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Resistance to TB drugs

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Multidrug-resistant TB (MDR-TB) begins when an antibiotic fails to eradicate all the bacteria that it targets, with the surviving bacteria producing resistance to that antibiotic and usually others at the same time. Primary Multidrug resistant, MDR-TB occurs in patients who was not earlier been infected with TB but who became infected with a strain which is resistant to the treatment. Acquired multidrug resistance for TB occurs in patients during treatment with a drug regimen that is not competent of killing the particular strain of TB with which they have been infected. MDR-TB requires treatment with second-line drugs, often four or more anti-TB drugs for a minimum of 6 months and a maximum for 18–24 months, if rifampin resistance has been identified in the specific strain of TB with which the patient has been infected. Under ideal program conditions, MDR-TB cure rates can approach 70%. In general, second-line drugs are less effective, more toxic and much more expensive than first-line drugs.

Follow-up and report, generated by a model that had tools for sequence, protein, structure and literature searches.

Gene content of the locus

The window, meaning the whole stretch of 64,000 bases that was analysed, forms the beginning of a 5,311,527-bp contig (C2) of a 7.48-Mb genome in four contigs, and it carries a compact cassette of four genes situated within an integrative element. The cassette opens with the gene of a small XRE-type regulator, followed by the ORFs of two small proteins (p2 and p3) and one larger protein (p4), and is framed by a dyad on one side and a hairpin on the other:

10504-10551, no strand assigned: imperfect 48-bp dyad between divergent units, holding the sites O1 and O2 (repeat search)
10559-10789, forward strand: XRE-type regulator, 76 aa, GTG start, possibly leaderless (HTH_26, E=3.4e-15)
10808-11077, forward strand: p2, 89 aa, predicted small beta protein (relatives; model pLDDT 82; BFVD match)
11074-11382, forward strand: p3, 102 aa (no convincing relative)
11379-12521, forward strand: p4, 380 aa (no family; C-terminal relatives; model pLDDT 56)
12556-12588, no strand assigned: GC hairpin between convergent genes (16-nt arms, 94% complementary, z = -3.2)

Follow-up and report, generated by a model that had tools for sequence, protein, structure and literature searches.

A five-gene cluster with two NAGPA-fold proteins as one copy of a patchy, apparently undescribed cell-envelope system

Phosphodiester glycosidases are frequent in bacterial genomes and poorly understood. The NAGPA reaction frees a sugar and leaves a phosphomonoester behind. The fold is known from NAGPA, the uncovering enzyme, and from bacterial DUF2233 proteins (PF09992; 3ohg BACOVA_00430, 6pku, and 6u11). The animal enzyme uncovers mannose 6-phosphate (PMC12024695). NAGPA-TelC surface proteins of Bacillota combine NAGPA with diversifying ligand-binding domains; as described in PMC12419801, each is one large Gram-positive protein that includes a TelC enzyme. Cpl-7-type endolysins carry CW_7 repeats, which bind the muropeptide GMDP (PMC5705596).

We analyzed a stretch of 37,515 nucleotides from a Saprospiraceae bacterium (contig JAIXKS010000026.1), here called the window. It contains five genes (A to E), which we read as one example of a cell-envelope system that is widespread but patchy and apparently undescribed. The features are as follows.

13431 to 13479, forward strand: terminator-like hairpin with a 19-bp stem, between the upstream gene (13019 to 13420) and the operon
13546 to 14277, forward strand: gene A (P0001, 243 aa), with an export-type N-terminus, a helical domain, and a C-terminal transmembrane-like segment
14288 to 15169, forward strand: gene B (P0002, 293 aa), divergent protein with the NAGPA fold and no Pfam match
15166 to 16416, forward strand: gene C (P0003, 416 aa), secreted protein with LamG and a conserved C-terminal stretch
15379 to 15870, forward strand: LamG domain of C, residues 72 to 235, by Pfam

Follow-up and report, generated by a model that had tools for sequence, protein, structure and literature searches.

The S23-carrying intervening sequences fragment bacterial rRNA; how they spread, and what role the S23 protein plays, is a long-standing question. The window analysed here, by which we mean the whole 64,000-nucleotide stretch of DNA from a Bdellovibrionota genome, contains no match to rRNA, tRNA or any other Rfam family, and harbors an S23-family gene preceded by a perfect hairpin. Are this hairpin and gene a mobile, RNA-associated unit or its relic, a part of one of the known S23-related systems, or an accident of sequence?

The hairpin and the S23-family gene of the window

• Intrinsic and acquired drug resistance
  • Resistance and biological fitness
  • New drugs and new targets
  • New resistance mechanisms
  • Management of contacts of drug-resistant TB patients
  • MDR-TB treatment strategies in people living with HIV

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